The Presidential Initiative is intended to foster excellence and preeminence in urban and place-based research and creative work at CU Denver through offering funding, coordinating faculty across campus, communicating outcomes, enabling connections with partners in the community, and serving as a resource for sharing data and best practices. In so doing, it is intended to both increase the impact of CU Denver’s urban and place-based research and creative work, and to attract and fund faculty and students interested in this domain. While focused on urban issues generally, the Initiative emphasizes work relevant to the Front Range, particularly when it has implications nationally or internationally.
The Initiative funds projects that address critical and timely topics related to cities, such as: Social and Environmental Justice, Equity and Inclusion, Affordable Housing, Plan Making, Public Spaces, Global Cities, Smart Cities, Urban Informatics, Artificial Intelligence for Cities, Infrastructure, Transportation and Mobility, Climate Adaptation, Green Infrastructure, Air and Water Quality, Urban Ecology, Biomimicry, Green Real Estate Development, Public Health, Water and Energy Use, Natural Hazards Mitigation, Environmental Policy, Public Finance, Historic Preservation, Creative Industries, Placemaking, Community Development, Arts and Urban Revitalization, Healthcare Access, Economic Development, Behavioral Economics, Education Policy and Practice, Public Policy and Governance, Public Safety, Public Engagement, Entrepreneurship, Urban Design, Construction Management, and much more.
The 2021 Request for Proposals for seed grants is now closed. Full descriptions of the projects awarded in the 2020 round of funding are given from the links below.
Unit: Department of Urban and Regional Planning
This project investigates the travel behavior of persons with disabilities (PWDs) focusing especially on barriers that they experience in the Denver region. Researchers know a great deal about mobility and safety of the broader population. However, the micro-geography of travel of PWDs, who travel largely on infrastructure that is designed for those without disabilities, is not well understood. Using a smartphone app, our primary objective is to map, at a fine grain, the travel patterns of volunteer PWDs and compare these trips with those of non-PWDs. Our community partner is the Denver Regional Mobility & Access Council (DRMAC). We aim to learn from DRMAC as subject matter experts and work with them to disseminate our findings for identifying gaps and adjusting infrastructure standards in the Denver region and the Front Range communities. Specifically, we aim to reassess standards for sidewalks and transit with a focus on curb cuts, transit stops, street furniture, and parking for micro-mobility devices such as e-scooters. We also designed this project as a proof-of-concept to test within the Denver region and will seek funding for scaling up to other cities with more diverse populations (including older adults over 64 years), topography, and weather.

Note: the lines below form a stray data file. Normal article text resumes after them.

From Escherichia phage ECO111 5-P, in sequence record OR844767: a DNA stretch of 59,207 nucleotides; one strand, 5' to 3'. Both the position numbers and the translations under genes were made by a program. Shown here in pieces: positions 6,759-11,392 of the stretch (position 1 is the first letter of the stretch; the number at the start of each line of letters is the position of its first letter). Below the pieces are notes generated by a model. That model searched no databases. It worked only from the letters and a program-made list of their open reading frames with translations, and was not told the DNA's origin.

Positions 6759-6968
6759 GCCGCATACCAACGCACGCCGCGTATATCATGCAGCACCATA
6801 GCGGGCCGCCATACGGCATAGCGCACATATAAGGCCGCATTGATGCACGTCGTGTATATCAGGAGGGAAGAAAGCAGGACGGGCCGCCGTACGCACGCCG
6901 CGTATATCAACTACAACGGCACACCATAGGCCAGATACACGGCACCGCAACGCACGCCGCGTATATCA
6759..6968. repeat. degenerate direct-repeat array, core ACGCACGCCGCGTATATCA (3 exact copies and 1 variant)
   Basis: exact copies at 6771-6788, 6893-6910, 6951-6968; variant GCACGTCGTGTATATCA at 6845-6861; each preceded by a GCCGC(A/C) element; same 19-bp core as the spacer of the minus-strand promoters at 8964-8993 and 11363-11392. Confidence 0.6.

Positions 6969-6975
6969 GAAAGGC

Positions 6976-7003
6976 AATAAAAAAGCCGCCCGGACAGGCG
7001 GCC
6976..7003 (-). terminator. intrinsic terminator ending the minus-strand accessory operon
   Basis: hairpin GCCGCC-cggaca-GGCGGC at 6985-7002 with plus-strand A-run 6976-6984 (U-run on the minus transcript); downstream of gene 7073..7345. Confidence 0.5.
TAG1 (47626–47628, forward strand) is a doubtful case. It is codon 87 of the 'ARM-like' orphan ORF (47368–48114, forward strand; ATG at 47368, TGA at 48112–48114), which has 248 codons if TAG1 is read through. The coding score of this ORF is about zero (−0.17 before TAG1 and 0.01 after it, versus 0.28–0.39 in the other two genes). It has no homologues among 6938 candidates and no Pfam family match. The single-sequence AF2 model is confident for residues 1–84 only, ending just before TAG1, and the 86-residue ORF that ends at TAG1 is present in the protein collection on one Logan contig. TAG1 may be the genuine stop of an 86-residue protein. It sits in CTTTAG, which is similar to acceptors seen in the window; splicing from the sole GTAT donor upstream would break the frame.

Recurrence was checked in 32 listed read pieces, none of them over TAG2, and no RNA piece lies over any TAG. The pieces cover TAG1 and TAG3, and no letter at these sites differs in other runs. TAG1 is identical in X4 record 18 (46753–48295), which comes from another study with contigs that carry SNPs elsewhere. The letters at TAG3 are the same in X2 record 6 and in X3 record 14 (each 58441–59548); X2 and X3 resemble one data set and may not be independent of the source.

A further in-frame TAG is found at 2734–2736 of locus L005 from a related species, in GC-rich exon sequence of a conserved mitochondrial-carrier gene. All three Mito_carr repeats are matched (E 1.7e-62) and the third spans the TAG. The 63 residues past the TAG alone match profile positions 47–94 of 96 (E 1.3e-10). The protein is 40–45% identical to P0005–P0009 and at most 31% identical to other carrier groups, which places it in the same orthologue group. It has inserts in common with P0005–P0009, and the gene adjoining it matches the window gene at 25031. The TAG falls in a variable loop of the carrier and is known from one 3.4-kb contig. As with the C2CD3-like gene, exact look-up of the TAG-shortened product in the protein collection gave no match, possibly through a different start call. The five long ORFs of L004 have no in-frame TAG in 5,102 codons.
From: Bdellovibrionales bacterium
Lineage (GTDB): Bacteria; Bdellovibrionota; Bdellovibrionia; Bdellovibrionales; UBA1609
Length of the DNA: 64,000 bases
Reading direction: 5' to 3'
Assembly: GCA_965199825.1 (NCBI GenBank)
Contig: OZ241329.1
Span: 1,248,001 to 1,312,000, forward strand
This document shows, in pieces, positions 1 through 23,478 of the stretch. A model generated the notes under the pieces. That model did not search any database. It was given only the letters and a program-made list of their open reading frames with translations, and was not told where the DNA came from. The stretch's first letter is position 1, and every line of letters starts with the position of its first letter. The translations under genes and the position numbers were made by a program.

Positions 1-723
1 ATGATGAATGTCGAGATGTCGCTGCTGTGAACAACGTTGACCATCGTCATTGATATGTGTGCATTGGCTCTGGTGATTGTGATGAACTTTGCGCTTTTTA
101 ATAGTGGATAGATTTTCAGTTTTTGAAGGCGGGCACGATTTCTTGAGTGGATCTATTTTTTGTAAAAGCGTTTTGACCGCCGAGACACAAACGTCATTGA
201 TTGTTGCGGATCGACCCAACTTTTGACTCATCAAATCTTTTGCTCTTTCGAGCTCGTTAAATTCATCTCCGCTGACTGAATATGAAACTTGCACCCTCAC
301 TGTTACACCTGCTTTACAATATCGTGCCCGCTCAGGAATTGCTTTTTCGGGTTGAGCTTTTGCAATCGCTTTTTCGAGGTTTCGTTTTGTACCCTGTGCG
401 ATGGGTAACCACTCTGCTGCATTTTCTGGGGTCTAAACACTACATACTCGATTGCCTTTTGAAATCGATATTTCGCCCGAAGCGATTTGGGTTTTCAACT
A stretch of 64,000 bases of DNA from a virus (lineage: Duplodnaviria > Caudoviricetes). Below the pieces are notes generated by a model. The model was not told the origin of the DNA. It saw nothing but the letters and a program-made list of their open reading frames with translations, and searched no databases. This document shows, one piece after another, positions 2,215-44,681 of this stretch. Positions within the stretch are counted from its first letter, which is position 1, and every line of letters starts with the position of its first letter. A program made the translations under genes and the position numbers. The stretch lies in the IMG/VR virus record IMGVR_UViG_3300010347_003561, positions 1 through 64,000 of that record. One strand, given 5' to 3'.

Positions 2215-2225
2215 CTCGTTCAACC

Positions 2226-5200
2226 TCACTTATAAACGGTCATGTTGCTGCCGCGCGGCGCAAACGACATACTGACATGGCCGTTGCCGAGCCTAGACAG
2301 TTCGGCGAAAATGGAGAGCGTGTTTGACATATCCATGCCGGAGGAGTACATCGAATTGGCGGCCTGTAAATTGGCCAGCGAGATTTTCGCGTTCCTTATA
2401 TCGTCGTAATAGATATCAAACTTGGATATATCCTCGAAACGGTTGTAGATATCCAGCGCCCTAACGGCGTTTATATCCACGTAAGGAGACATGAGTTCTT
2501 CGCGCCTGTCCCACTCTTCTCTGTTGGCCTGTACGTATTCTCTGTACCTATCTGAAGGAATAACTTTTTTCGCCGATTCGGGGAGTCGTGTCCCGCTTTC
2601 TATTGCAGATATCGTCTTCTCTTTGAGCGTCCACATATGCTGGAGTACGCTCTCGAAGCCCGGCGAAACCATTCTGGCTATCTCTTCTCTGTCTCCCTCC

View project updates from the 2021 Fall Research Showcase [PDF]
Manish Shirgaokar Bio:
Manish is an assistant professor in the Department of Urban and Regional Planning at the College of Architecture and Planning. His research and teaching are centered on transportation and social equity. He teaches seminar and lab-based courses in transportation planning/policy, data analytics, and geographic information systems at the University of Colorado Denver. As a scholar, Manish focuses on how transportation systems help or hinder the mobility of disadvantaged groups such as older adults, women, immigrants, and low-income households. He works on topics in the United States, India, and Canada.
He has been a member of the American Institute of Certified Planners (AICP) of the American Planning Association (APA) since 2014. Before joining academia Manish worked as a private sector consultant in India (2005-07; 1997-99) and at the Institute of Transportation Studies, Berkeley, CA (2003-05).Prior to starting the position at CU Denver, he was an assistant professor in the School of Urban and Regional Planning at the University of Alberta in Edmonton, Canada. Over the 4.5 years I spent in Canada, Manish taught and supervised research students in Planning, Geography, and Transportation Engineering in classroom/seminar, studio, and lab-based settings. He is the 2017 recipient of the Emerging Scholar Award of the Regional Development and Planning Speciality Group of the American Association of Geographers.